but as it turns out (I think it's a result by Arnol'd but don't quote me on that), if you know an implicit equation that generates the hypersurface, you can simply compute the R-codimension of the implicit equation!

the thing about the Milnor number is that, when you have a hypersurface with isolated singularities, it can be retracted into a bouquet (a wedge of k-spheres) around those singularities

the number of spheres is called the milnor number, and the canonical way to compute it is, well, compute the homology :⁾

seems like every time you have something in the form (x,y²,something of order ≥ 2) the Tjurina number is 3, regardless

Me: there is no way students don't get confused with this shit

Students: [get confused with that shit and think Df is a function]

Me: figures

@ZevenKorian Perhaps it has something to do with the rotational symmetry of Minkowski space?

I thought "well maybe it's because if you have a local isometry--" but the minkowski space is not isometric to the sphere?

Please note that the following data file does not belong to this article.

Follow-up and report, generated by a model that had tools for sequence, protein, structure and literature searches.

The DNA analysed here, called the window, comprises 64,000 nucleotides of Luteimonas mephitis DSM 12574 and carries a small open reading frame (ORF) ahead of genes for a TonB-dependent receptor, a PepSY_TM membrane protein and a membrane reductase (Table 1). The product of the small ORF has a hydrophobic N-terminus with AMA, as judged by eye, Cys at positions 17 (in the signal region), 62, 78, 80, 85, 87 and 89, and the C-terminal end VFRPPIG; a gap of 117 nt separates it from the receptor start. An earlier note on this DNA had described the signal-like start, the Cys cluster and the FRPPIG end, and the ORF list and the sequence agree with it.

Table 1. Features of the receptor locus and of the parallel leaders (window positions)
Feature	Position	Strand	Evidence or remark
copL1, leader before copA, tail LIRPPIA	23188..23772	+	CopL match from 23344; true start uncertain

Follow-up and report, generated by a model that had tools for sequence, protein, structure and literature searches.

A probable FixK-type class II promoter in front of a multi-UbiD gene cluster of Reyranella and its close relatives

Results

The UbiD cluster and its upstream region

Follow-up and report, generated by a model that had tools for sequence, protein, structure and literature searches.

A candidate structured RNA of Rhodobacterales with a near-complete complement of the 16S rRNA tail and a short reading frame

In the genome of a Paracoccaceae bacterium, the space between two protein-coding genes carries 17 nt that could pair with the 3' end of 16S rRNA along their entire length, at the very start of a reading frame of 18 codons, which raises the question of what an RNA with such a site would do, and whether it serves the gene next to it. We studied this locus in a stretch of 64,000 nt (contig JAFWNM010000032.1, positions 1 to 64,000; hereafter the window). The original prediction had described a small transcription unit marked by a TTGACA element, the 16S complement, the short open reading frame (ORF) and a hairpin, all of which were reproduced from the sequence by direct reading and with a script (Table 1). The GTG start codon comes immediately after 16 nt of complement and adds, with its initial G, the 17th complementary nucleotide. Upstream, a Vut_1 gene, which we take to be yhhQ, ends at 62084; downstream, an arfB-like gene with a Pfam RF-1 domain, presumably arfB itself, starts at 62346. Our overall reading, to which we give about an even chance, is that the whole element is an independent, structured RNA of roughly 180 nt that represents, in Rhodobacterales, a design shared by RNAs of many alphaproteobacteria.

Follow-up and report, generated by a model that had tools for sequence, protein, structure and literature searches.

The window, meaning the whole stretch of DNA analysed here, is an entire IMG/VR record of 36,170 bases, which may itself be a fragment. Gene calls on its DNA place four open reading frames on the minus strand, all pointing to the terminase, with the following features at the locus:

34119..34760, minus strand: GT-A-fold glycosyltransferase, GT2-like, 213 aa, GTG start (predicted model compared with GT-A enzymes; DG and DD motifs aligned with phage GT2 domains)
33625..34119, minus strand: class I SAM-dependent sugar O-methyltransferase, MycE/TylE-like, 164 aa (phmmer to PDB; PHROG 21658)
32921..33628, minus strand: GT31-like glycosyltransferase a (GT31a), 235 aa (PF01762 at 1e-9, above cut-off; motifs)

I just cheated and looked it up on wikipedia (don't do this at home kids!) and it seems like they coincide on the minkowski space, on S², on...

- Pronouns
- She · Her

- Languages
- 🇪🇸 🇬🇧 CAT

- Main account
- @Sheepy

- Interests
- Singularity theory, topology, complex analysis

Please bear in mind this is graduate-level maths most of the time. It's okay if it goes over your head, this level of math is super niche and abstract anyway.

Site map:

Public account: @Koishi

Math account: @ZevenKorian (you're here)

Main account: @Sheepy

Private account: @Luchtspieg

Joined Oct 2018